Seeking Alpha
, Market Bulls (74 clicks)
Macro, commodities, medium-term horizon, contrarian
Profile| Send Message|
( followers)  

Bullish momentum in oil prices has been one of this year's driving market stories. Even with the declines seen in recent weeks, West Texas Intermediate crude (WTI) is showing year-to-date gains of more than 21%:

Recent losses have been inspired by government inventory reports showing that U.S. oil supplies have grown at their fastest pace in a year. But these declines have been relatively short term in nature and the underlying trend here is clearly bullish for oil stocks (which have tracked most of these runs higher). So, does this mean that all the bargains in oil stocks have disappeared? How should investors position if continued unrest in the Middle East disrupts oil supplies and weighs on earnings prospects for companies with excessive exposure to the region.

Here, we will look at two North American oil stocks that are relatively shielded from any negative effects that could be seen if political and/or military conflicts re-assert themselves in the Middle East. What many commodities investors fail to realize is that a country like Syria accounts for less than 0.5% of the world oil supply (a roughly 400,000 barrels of oil per day), so it makes sense to focus on companies based in the U.S. and Canada as alternatives accompanied by less external risk. The U.S. is now seen overtaking Russia and the world's largest producer of oil and natural gas, and Canadian oil imports far surpass what comes out of Saudi Arabia (by a daily margin of nearly 1 million barrels). For these reasons, it makes sense to look at North American companies poised to benefit from this year's rally in oil prices.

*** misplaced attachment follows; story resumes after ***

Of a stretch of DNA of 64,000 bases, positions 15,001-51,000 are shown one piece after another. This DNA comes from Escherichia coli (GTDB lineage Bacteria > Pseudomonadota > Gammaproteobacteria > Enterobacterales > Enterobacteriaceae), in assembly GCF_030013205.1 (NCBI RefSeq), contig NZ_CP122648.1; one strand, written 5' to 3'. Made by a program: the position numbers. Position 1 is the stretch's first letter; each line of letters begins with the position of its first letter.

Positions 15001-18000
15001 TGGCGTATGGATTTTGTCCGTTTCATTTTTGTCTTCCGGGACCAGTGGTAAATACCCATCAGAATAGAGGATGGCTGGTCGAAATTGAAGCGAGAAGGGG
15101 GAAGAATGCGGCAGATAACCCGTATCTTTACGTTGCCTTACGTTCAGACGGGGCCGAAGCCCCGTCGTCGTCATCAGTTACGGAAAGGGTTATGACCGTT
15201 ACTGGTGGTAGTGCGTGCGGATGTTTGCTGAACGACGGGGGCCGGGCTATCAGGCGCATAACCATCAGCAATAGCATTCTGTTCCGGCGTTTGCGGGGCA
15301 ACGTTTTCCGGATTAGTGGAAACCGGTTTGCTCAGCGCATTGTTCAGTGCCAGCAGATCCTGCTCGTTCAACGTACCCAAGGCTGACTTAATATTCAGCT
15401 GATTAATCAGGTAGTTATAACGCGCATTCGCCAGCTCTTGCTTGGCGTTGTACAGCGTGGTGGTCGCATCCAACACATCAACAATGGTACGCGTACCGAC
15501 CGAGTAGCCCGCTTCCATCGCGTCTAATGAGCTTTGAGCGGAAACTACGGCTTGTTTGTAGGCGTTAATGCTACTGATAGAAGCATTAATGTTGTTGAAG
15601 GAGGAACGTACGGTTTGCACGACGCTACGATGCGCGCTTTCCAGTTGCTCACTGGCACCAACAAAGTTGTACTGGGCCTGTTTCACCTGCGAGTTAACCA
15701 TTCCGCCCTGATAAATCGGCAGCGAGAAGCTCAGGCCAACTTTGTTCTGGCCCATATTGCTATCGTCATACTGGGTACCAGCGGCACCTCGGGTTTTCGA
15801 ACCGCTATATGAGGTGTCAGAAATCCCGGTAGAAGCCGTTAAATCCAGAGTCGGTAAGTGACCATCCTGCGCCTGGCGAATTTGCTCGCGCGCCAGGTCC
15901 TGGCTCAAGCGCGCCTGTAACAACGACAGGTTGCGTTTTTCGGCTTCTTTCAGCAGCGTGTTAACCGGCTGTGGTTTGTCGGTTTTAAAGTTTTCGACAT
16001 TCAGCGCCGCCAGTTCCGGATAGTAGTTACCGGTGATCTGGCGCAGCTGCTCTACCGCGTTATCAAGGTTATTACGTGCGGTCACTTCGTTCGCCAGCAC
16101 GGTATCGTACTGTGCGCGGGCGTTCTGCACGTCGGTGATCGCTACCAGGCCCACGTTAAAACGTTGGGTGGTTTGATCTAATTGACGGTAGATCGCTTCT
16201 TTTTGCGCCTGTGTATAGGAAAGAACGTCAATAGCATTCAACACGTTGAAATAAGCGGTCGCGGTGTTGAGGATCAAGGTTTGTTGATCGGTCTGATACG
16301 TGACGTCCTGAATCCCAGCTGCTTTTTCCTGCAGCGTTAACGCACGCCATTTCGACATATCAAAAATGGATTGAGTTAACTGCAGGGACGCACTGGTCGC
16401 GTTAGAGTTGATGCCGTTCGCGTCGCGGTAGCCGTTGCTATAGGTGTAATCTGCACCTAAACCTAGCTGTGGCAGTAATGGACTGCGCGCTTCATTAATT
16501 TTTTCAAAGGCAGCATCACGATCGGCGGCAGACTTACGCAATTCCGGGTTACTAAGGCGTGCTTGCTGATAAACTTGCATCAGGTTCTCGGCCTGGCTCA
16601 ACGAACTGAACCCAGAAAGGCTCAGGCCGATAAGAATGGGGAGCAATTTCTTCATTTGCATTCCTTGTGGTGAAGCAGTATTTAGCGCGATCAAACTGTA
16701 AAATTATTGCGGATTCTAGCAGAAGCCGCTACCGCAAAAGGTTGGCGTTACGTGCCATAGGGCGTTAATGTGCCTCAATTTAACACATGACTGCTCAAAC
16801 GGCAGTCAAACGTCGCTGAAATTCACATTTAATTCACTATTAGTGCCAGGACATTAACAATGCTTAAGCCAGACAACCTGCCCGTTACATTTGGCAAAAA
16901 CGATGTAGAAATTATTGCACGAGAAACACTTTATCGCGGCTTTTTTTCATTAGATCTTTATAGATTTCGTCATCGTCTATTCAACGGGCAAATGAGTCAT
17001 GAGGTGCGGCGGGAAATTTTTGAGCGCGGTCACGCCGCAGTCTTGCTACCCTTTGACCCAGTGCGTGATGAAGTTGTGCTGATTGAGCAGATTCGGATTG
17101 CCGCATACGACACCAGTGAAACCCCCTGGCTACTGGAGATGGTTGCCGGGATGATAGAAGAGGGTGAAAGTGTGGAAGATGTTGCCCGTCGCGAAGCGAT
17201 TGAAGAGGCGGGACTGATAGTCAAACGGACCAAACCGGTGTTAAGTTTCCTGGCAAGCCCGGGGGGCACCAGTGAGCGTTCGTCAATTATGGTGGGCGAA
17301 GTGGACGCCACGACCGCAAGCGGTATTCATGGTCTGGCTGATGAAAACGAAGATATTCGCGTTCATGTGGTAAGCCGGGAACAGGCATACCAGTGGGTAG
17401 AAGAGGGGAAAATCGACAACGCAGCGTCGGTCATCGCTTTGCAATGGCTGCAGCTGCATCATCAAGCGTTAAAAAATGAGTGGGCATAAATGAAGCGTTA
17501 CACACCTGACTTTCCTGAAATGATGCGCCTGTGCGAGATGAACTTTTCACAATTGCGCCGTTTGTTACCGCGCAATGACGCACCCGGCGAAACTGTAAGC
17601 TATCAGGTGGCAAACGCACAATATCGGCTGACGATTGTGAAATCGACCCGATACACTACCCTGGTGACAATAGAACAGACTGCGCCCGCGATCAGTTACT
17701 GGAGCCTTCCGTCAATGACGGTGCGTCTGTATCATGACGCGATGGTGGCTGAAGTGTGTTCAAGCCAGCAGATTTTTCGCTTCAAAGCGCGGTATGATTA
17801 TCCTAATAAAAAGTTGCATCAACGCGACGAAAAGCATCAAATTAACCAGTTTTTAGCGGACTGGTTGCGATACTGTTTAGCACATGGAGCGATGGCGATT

Diversified Growth Options

The first to look at is the Enerplus Resources Fund (ERF), which places most of its focus on Western Canadian properties in the mature development stage and is the largest oil and natural gas income fund in North America. For the second quarter, the company's annual production levels rose by 10%, and its diversified portfolio of high-quality growth resources puts Enerplus in a strong position to benefit from demographic trends and rising oil prices. Year-to-date, ERF has seen rallies of nearly 30% but the latest pullback in market valuations offers a new opportunity for investors to get long and gain exposure to energy markets without the added risks of companies that could be vulnerable to trade route disruptions in the Middle East (for example, in the all-important Suez Canal). With its $3.4 billion market cap and 6.4% dividend yield, Enerplus offers a stable alternative for playing energy markets and recent weakness in both commodities and the stock price itself should be viewed as a buying opportunity.

For investors focused on longer-term growth opportunities, an excellent alternative is Octagon 88 Resources (OTCQB:OCTX), which has yet to capitalize on the yearly rally in the underlying oil price and has made important progress in some significant (and relatively "under the radar") development projects. One of the best examples can be seen in its Peace River development in Alberta, Canada. Coming development in Peace River (one of the region's biggest oil sands locations) could contribute as much as 1.6 billion barrels of oil in Octagon's bottom line productivity levels as we head into 2014. Stock prices are still trading near the middle of the company's year-to-date range, so it is clear that most of the market has missed the added potential created by the Peace River project and the stock itself has yet to benefit from this year's rally in oil prices. All of this points to prolonged upside for those looking to get into the stock in the early stages.

Source: Buying Oil Stocks? Avoid Middle East Exposure